That said, Catholics can now eat meat on Fridays due to the involvement of the Conference of Bishops. 

Why Did Catholics Abstain from Meat on Fridays?

Long ago, all Catholics from 14 and up were obliged to abstain from meat every Friday throughout the year. This is according to the Code of Canon Law (1252), which states that: “The law of abstinence binds those who have completed their fourteenth year.”

So why Fridays? Well, because the day is considered a day for penance as it is the same day that Jesus died for us – just like how Sundays are our Lord’s Day as it is the day he rose from the dead.

Now, one way to observe penance is through abstaining from meat. It was considered a small sacrifice that shows an individual’s willingness to suffer with Jesus on the same day that he gave his life to us. 

Aside from that, it’s a practice that has been followed by Catholics since time immemorial. It has been passed on from one generation to the next, making it a tradition that has united us. It’s also one thing that makes us Catholic – just like how Jews choose Kosher, how Muslims pray five times a day, and Hindus avoid beef. 

Why Were Catholics Obliged to Abstain from Meat on Fridays?

In ancient times, meat used to be a luxury, which is why it was seen as a big sacrifice. But today, this isn’t true since meat has become too usual. This is why the National Conference of Catholic Bishops stopped making abstinence from meat an obligation. According to them:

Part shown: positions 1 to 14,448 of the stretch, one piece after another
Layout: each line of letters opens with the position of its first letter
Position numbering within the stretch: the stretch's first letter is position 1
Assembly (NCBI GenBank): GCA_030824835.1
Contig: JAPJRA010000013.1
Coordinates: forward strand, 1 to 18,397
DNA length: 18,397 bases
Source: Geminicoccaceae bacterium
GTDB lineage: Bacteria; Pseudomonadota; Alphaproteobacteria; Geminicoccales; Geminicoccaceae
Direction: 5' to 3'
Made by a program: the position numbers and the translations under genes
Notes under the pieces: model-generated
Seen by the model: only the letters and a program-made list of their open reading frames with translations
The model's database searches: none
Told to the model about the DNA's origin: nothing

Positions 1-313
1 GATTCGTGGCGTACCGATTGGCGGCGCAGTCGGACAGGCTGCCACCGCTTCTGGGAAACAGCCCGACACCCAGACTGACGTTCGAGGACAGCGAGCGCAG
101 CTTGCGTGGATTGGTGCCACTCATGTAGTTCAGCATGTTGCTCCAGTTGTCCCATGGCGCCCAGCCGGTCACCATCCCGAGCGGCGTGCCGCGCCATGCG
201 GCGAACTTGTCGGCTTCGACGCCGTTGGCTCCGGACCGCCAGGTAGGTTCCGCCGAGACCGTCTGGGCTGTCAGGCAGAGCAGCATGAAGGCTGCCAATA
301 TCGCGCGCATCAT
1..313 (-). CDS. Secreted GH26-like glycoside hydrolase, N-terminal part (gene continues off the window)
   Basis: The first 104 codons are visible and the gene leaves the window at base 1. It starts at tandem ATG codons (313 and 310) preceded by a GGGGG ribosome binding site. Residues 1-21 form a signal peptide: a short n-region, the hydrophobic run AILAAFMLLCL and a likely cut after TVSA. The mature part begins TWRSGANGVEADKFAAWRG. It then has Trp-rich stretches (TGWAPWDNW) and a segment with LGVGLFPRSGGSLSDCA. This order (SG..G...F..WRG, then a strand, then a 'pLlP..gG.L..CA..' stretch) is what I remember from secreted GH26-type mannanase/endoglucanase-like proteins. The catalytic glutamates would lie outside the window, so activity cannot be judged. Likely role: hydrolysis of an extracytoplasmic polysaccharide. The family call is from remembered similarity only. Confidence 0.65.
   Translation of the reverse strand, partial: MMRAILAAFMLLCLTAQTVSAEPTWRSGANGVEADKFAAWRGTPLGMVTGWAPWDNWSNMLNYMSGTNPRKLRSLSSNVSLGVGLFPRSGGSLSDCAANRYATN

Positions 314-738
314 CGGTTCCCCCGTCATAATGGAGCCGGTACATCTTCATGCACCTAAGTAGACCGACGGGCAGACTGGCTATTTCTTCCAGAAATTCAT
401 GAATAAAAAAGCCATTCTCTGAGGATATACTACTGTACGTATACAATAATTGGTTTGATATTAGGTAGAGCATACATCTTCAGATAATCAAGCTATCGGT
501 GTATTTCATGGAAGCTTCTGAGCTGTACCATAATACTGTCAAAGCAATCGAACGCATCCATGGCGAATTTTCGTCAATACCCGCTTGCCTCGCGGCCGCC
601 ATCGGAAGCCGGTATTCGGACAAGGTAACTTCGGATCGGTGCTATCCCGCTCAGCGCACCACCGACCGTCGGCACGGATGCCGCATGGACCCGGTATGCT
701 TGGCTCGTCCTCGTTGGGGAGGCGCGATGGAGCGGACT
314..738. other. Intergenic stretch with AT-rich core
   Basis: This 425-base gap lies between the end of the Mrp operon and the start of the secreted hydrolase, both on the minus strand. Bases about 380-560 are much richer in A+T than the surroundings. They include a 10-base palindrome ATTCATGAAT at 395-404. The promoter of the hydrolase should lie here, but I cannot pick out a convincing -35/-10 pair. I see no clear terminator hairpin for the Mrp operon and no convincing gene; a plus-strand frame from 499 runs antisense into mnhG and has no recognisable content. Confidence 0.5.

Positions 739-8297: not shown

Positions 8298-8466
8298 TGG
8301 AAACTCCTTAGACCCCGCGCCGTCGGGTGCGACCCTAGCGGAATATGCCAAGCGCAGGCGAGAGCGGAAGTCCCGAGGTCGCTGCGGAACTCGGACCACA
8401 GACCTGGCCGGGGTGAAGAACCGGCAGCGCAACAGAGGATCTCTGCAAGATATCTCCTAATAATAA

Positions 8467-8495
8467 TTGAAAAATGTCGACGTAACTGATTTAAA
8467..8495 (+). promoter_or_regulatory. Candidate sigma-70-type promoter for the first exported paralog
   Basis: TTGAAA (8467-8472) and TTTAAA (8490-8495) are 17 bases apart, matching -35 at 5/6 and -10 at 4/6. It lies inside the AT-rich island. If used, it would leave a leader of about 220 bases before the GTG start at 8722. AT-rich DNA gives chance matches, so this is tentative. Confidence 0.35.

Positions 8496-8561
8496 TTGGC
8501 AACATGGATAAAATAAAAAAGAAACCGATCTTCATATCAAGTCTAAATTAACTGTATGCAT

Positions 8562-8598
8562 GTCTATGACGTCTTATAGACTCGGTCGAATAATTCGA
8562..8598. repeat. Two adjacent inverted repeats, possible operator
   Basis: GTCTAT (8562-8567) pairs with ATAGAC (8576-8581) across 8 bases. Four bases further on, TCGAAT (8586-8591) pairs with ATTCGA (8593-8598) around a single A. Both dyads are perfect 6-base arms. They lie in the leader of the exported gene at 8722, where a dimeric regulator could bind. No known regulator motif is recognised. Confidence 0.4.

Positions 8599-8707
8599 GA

“Changing circumstances, including economic, dietary, and social elements, have made some of our people feel that the renunciation of the eating of meat is not always and for everyone the most effective means of practicing penance. Meat was once an exceptional form of food; now it is commonplace. 

Accordingly, since the spirit of penance primarily suggests that we discipline ourselves in that which we enjoy most, to many in our day abstinence from meat no longer implies penance, while renunciation of other things would be more penitential.”

Furthermore, the Catholic Church prohibited eating meat since it was from a warm-blooded animal. So come to think of it, it makes sense to abstain from such animals on the day that Jesus sacrificed his life since they, too, have to give up their life for us. 

With that said, fish, seafood, and other cold-blooded animals as well as vegetables have always been permitted during Fridays, including Lent. 

Can Catholics Eat Meat on Good Friday?